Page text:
Varsha is a student of SkoolOfCode. Varsha loves to keep herself up-to-date with new technology and product updates She is learning Microbit and loves to use her Microbit to interact with a real-time environment. She loves to use Microbit in real-time projects or to provide solutions to existing problems. She is building a Microbit bike tail light since last month. She wants to build this Microbit based bike tail light with light sensor so that it can be used by bikers at night time for their safety.
She has chosen Microbit courses because she believes in the fact that this little technology cannot just help us learn to code better but also have smart abilities to interact with the outer world. Though being small in size, Microbit is powerful enough to provide sufficient data from our surroundings through their onboard sensors. The light sensor on Microbit is perfect for this project as it can detect the light level and accordingly change the pattern of LEDs.
What is a light sensor?
A light sensor is a device that detects the presence and intensity of light. Light sensors are used in a variety of applications, including photography, videography, automatic street lighting, security cameras, and many others. For example, you can program your Microbit to perform a specific action depending on the ambient light conditions. For example in this project all the LEDs on the Microbit turn on when it is dark outside. The light sensor is used to detect the darkness or brightness and then that information is used by the microbit to create different LED patterns.
Let’s explore where is the light sensor on Microbit
The LEDs (light-emitting diodes) on the Microbit come in a 5X5 arrangement. The LEDs act as input and output devices also. There are 25 LEDs on the Microbit grid. Out of the 25 LEDs, there are 6 LEDs that act as a light sensors. This means the Microbit doesn’t have an onboard light sensor. It uses LEDs to provide an approximation of ambient light. So, the LEDs sense light levels and hence work as an input. On the contrary, the LEDs give out light so that we can see it and hence work as an output. The range of the light sensors is 0 to 255 which means 0 for dark and 255 for extremely bright. Refer light sensor documentation for more detail.
The logic of the Code
The light sensor continuously checks the light level. The value of the light level is stored in a variable. Depending upon the value of the variable the Microbit LEDs can turn on or off in different combinations. If the value of the light level is less than 50 (that implies it is dark) then all LEDs will turn ON. If the value of the light level is between 50 and 100 (that implies it is neither dark nor sunny) then half of the LEDs will turn ON. If the value of the light level is greater than 100 (that implies it is sunny) then a smiley will be displayed.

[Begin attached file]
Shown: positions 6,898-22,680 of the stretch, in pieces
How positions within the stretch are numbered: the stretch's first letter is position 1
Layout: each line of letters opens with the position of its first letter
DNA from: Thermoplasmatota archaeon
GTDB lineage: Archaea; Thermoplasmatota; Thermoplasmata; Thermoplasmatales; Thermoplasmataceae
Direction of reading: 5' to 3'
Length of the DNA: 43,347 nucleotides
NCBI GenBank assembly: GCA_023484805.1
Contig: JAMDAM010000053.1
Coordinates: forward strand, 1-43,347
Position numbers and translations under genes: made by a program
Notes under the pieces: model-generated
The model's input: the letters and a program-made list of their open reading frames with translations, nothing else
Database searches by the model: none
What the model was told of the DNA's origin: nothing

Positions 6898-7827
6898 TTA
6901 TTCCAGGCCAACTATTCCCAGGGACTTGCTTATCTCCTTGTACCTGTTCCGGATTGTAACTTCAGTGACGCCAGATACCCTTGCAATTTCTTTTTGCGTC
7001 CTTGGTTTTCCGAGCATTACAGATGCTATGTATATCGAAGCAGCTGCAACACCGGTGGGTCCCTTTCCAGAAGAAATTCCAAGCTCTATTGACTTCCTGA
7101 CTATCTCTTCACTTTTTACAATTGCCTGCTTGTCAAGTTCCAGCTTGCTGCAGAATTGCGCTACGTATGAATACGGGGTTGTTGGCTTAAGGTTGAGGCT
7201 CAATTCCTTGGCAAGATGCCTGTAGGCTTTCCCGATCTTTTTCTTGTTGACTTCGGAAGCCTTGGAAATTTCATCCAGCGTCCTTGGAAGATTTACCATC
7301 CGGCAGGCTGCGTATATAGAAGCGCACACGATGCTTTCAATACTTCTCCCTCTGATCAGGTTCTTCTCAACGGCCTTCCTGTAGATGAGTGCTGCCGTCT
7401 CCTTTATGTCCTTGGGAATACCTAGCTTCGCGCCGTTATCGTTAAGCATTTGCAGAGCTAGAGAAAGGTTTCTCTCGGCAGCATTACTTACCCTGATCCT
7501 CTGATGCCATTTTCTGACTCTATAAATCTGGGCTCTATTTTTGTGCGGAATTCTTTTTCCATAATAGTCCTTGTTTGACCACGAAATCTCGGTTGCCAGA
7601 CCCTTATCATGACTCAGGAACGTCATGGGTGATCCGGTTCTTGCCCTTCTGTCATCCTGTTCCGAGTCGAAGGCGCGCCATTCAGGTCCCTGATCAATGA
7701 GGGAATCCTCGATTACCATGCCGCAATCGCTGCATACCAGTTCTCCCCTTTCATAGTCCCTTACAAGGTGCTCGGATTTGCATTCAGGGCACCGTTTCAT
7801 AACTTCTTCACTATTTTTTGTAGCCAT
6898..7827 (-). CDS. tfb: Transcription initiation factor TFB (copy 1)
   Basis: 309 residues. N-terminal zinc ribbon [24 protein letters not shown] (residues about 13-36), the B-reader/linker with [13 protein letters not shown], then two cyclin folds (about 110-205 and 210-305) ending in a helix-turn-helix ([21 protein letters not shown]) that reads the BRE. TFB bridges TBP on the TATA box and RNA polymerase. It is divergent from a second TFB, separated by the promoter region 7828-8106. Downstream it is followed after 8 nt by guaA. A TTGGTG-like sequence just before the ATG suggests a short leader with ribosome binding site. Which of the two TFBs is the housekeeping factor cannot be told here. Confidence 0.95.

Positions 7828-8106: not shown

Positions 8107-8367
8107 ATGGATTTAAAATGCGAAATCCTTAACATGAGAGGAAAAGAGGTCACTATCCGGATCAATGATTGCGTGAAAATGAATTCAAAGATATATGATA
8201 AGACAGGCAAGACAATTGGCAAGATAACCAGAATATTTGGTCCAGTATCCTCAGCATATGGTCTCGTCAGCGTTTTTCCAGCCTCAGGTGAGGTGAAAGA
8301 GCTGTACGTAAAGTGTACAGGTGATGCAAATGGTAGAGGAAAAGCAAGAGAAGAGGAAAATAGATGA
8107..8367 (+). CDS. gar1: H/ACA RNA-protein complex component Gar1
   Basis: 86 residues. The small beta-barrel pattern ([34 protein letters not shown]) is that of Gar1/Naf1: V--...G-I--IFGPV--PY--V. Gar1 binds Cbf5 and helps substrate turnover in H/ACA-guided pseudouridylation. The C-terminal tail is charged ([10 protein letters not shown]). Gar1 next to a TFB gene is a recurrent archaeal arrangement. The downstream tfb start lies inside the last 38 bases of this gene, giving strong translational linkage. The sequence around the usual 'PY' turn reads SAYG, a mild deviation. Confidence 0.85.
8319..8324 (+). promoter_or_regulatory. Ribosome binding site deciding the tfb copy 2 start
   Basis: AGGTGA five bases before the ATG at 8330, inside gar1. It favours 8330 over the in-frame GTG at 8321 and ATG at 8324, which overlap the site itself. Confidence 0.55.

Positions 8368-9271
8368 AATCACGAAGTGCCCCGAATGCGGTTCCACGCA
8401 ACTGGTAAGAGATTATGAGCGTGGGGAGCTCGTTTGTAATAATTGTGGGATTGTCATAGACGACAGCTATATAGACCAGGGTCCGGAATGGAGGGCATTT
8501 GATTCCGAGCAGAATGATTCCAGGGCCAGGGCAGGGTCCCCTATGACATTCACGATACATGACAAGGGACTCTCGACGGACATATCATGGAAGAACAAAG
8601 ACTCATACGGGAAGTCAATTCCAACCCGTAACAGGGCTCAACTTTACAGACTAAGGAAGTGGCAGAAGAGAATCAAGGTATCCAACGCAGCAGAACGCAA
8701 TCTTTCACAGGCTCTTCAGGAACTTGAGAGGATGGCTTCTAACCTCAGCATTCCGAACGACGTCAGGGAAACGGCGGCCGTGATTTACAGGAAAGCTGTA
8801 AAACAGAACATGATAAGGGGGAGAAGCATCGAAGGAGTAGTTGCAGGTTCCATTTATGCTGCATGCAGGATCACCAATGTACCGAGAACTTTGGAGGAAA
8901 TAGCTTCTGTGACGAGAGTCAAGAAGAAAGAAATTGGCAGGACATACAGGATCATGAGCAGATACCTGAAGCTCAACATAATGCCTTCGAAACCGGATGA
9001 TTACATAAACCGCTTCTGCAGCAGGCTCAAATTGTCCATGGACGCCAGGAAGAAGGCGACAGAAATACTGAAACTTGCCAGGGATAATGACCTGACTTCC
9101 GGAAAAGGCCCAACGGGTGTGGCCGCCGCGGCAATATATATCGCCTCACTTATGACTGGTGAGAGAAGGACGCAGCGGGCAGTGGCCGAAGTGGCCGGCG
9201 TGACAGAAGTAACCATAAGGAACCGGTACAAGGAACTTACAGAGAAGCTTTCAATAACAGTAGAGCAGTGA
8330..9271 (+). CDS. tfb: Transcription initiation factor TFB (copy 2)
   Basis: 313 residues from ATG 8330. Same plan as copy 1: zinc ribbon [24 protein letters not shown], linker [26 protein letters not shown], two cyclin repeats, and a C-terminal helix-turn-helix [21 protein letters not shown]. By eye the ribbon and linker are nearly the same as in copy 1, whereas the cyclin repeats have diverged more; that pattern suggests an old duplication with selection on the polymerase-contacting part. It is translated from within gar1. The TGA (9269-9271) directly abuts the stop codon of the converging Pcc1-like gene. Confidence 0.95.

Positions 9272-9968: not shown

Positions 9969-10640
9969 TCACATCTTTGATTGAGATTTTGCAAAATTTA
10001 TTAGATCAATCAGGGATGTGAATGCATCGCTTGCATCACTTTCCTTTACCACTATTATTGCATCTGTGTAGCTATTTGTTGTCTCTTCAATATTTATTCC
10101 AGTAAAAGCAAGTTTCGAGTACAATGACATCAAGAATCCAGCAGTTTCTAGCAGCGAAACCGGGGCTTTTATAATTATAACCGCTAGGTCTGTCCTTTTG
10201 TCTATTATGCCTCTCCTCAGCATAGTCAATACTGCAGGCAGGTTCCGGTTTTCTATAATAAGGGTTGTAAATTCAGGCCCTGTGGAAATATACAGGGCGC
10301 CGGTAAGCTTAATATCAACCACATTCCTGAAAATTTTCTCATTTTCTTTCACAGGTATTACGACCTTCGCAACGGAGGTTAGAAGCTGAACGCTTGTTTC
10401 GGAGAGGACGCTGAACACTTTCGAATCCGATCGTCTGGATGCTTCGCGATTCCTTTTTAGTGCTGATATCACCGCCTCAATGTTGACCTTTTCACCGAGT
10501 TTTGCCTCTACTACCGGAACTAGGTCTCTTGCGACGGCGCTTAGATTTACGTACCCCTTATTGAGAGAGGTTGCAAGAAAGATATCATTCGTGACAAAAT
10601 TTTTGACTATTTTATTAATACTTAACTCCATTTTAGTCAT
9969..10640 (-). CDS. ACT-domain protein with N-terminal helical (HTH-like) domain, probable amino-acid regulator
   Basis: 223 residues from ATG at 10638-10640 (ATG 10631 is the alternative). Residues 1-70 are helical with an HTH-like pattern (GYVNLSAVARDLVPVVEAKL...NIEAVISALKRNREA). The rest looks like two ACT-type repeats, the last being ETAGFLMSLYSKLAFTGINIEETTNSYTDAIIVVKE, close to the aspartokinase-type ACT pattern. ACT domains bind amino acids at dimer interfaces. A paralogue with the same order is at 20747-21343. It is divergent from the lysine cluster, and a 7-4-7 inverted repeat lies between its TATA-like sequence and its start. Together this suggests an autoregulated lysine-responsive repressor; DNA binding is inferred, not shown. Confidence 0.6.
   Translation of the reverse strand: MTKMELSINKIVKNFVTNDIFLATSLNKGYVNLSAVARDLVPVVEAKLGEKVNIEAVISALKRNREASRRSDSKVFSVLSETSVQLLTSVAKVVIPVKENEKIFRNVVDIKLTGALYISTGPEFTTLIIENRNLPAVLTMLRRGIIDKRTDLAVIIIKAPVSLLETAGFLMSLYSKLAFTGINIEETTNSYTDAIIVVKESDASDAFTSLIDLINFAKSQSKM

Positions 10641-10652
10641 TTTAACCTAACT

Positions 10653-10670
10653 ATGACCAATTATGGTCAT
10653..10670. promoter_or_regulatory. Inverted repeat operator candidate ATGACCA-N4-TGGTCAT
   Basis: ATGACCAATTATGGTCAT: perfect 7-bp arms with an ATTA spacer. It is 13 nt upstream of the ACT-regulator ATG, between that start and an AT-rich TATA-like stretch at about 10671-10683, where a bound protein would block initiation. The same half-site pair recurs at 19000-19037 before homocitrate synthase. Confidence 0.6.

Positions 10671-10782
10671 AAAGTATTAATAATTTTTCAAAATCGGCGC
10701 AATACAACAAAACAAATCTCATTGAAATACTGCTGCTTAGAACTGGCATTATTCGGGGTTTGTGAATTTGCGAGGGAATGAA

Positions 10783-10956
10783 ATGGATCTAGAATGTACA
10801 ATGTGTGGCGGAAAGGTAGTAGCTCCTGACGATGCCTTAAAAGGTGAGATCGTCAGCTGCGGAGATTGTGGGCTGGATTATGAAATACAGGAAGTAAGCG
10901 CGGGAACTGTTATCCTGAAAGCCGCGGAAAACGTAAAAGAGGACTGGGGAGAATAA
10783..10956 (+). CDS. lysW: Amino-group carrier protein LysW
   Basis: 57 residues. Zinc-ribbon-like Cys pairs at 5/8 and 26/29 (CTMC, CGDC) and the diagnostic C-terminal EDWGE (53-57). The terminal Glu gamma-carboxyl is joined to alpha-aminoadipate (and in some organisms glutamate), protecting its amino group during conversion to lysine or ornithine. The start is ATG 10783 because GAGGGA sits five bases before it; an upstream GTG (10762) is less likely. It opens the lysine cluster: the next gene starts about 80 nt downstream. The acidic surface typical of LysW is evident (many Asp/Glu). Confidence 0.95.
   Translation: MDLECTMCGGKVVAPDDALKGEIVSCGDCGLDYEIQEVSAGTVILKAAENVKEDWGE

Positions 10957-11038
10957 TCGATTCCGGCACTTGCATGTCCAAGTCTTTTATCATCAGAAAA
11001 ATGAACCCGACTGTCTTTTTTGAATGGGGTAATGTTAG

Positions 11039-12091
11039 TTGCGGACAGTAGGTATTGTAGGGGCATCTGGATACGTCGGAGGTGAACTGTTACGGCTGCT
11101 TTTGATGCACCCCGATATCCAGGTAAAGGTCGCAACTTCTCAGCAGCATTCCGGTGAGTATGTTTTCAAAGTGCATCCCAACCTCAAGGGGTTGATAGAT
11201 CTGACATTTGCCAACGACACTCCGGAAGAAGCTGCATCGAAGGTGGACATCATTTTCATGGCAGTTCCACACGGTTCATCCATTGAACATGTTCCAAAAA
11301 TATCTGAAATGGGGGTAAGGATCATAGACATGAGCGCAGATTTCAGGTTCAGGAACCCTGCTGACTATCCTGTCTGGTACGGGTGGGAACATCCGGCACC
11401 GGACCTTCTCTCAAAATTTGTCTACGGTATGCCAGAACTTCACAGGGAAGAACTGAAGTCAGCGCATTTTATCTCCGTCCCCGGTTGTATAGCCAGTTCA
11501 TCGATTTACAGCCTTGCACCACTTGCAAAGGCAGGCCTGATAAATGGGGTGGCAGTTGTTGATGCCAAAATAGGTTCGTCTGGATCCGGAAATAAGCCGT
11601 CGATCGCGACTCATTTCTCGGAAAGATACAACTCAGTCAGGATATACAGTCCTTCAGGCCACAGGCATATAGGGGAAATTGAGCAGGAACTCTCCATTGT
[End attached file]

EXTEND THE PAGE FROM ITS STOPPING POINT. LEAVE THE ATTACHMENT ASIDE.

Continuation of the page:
Now let’s write some code for this project:
For Coding Microbit we are using Makecode which provides block coding for kids and can be accessed at www.makecode.microbit.org. The LEDs on the Microbit grid work as input recording light level values. So on the Makecode editor, we will proceed to the Input category and we will use the block light level as shown below.
The light level is in the range of 0 to 255, i.e. a number. So, we will check whether the value of light level is less than 50 though a conditional as shown below. The show LED block is used to create a pattern (all LEDs on).
We want that the condition to be checked forever so we will put this conditional in a forever loop.
After this, we want that the Microbit should also check the light level for two more conditions: whether the light level is between 50 and 100 and whether the light level is greater than 100 (i.e. the only condition which is left so we can use the else part). Therefore we will extend the if loop by clicking on the + sign as shown in the picture.
After extending the if loop we will put the required conditional statements for the light level. The final code for your reference is shown below.
Time to test the Code
The Code can be tested in the Makecode Simulator. So let’s test the code. We can vary the light level by moving the yellow part on the Microbit Simulator. We can change the reading of the light sensor and observe the different LED patterns.
The different LED patterns observed for different light levels are shown below (for all three cases).
Let’s download the Code on Microbit to have some real-time fun
Connect the Microbit to the USB port of your laptop/desktop. Click the download button on the Makecode Editor. The hex file will be saved in the Downloads section of your computer. Copy the hex file and paste it onto the Microbit drive. Now we can remove the microbit cable and connect the microbit with the battery. For more information regarding the download process Book a FREE trial class today.
The Microbit rear light is ready. Connect the Microbit on your bike and let’s go for a ride. This project is a great way to use your Microbit for a real-time problem. You can also extend this project by adding a digital magnetic compass that will guide you in your biking trips. At SkoolOfCode, we offer coding classes for kids where students get a chance to work on such amazing projects under the guidance of our trained tutors. Happy Coding and have fun flashing your Microbit bike rear light!!!